After driving in circles around Kinglake on the hunt for the cafe meeting spot, I found myself a little lost. That was until I spotted a Fiat, gave chase and luckily it led me straight to the meeting point.
This is such a nimble looking car, very light and balanced. Once I laid my eyes on it I knew there would be more than one unique gem at the meet.
I really wasn’t expecting this Lancia Delta S4 in the flesh (or metal)! Okay, it’s not the full blown twin charged legendary monster of my dreams, but it is the closest you can get. I was truly blown away.
No parking under trees for this classic!
The Fiat 124 Spider was by far the most popular car on the day, for good reason.
Just look at that face and those clean lines! This is a prime example of how many cars used to be completely original. This is a contrast to many of today’s designs, which all seem to be cast from the same base.
From old to new, this Fiat 500 did a great job of standing out in the crowd, not to mention how it wears its colours with pride.
It’s a real shame that the days of the hood ornaments are long gone.
Forget the Model-T, check out this Fiat 501. It was amazing to see one of Fiats first major cars alongside some of their newer models.
Classic rally cars don’t get much better than this.
The set of semi slicks shows that this car is no garage trophy, and is used to being driven hard on a regular basis.
Nice and simple up front, but in the background you can see the fire extinguisher is in prime position, not half hidden under a seat.
When you see an angry scorpion you know it means business!
It’s great to see Abarth are making a comeback with the Fiat 500 and Punto.
This is the little Fiat I spotted and followed to the meet. From a distance I thought it was a Fiat 500, but on closer inspection…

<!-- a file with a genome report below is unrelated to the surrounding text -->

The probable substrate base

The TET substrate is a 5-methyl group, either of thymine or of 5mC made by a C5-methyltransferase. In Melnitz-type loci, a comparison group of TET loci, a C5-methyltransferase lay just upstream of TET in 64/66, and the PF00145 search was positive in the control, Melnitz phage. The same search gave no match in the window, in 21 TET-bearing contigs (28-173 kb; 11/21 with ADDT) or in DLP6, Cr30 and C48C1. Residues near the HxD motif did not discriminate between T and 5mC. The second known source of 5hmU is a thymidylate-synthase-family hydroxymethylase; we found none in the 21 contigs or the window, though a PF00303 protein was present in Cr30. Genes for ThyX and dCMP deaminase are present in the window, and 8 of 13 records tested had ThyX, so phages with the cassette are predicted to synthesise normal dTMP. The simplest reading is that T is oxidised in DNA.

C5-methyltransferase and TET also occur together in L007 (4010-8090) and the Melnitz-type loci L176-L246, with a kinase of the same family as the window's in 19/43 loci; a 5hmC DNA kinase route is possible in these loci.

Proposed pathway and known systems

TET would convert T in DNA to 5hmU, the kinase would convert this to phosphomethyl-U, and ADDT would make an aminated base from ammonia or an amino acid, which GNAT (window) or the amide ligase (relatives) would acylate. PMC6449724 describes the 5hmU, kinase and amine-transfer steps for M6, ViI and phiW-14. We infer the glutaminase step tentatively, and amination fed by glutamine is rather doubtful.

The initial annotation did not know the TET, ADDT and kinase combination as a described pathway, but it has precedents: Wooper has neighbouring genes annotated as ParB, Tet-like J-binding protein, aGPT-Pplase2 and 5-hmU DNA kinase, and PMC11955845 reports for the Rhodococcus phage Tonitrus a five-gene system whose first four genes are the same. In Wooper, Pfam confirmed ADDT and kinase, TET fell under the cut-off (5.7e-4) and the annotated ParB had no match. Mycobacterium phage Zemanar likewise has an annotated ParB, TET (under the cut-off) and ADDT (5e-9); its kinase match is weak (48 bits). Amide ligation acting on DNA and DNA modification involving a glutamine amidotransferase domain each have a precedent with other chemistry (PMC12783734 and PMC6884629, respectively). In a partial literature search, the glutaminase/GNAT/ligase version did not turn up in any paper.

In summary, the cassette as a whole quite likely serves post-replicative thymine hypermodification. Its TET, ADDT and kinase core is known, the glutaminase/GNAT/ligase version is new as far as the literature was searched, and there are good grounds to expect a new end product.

I love the little cooler hanging off the front!
Simple and functional, this interior is solid and definitely not made of cheap plastic.
One of the best things about this car is that it’s equipped with suicide doors!
These guys definitely know how to care for their cars. I don’t know what their secret is but I’d love to find out.
Nothing inside but timeless quality.
From this photo you can see how Fiats style extends between models.
This subtle racing harness almost passes for a normal seatbelt.
The may be generations apart, but on the day most of the family was there.
I have a soft spot for a mid-engine car. Despite the pain of fixing them, nothing drives like a mid-mount!
Not just a coffee and chat style meet, the event later moved to a large garage. Hoping that this wasn’t a glimpse of what lay inside, what came next was more than I anticipated.
This simple looking Clubman was one of the many interesting projects within this garage.
It may be mistaken for the fuselage of some type of aircraft, but in actual fact it’s the body of a Formula 2.
A very popular series, this 1100cc Formula 2 ran from 1955 to 1958. This shows just how light and advanced these cars were back in the day.
Everywhere you turned there was another ongoing project. This one looked like the beginning of a miniature hotrod.
One of the newest additions to the garage was this very rare and sought after Lancia Flaminia GTL Touring Coupé.
This car was in very good condition considering its age. Check out that gear stick!
What garage would be complete without its very own fuel bowsers?
Under these sheets lay many legendary cars. It was incredible to see so much history in the one place.
You don’t see many Isuzu Gemini’s racing anymore!
The collection had something for everyone as shown by this Cortina, one of three housed in the garage.
This interesting looking frame looked like it has the potential to become something truly great.
By far the youngest person at this event, I was surprised by the number of cars and the amount of knowledge in one place. It was definitely the most interesting car meet I have been to in recent times and I hope to attend many more like this.
If you would like to see more Fiat action check out the Fiat Club of Victoria
thanks for looking,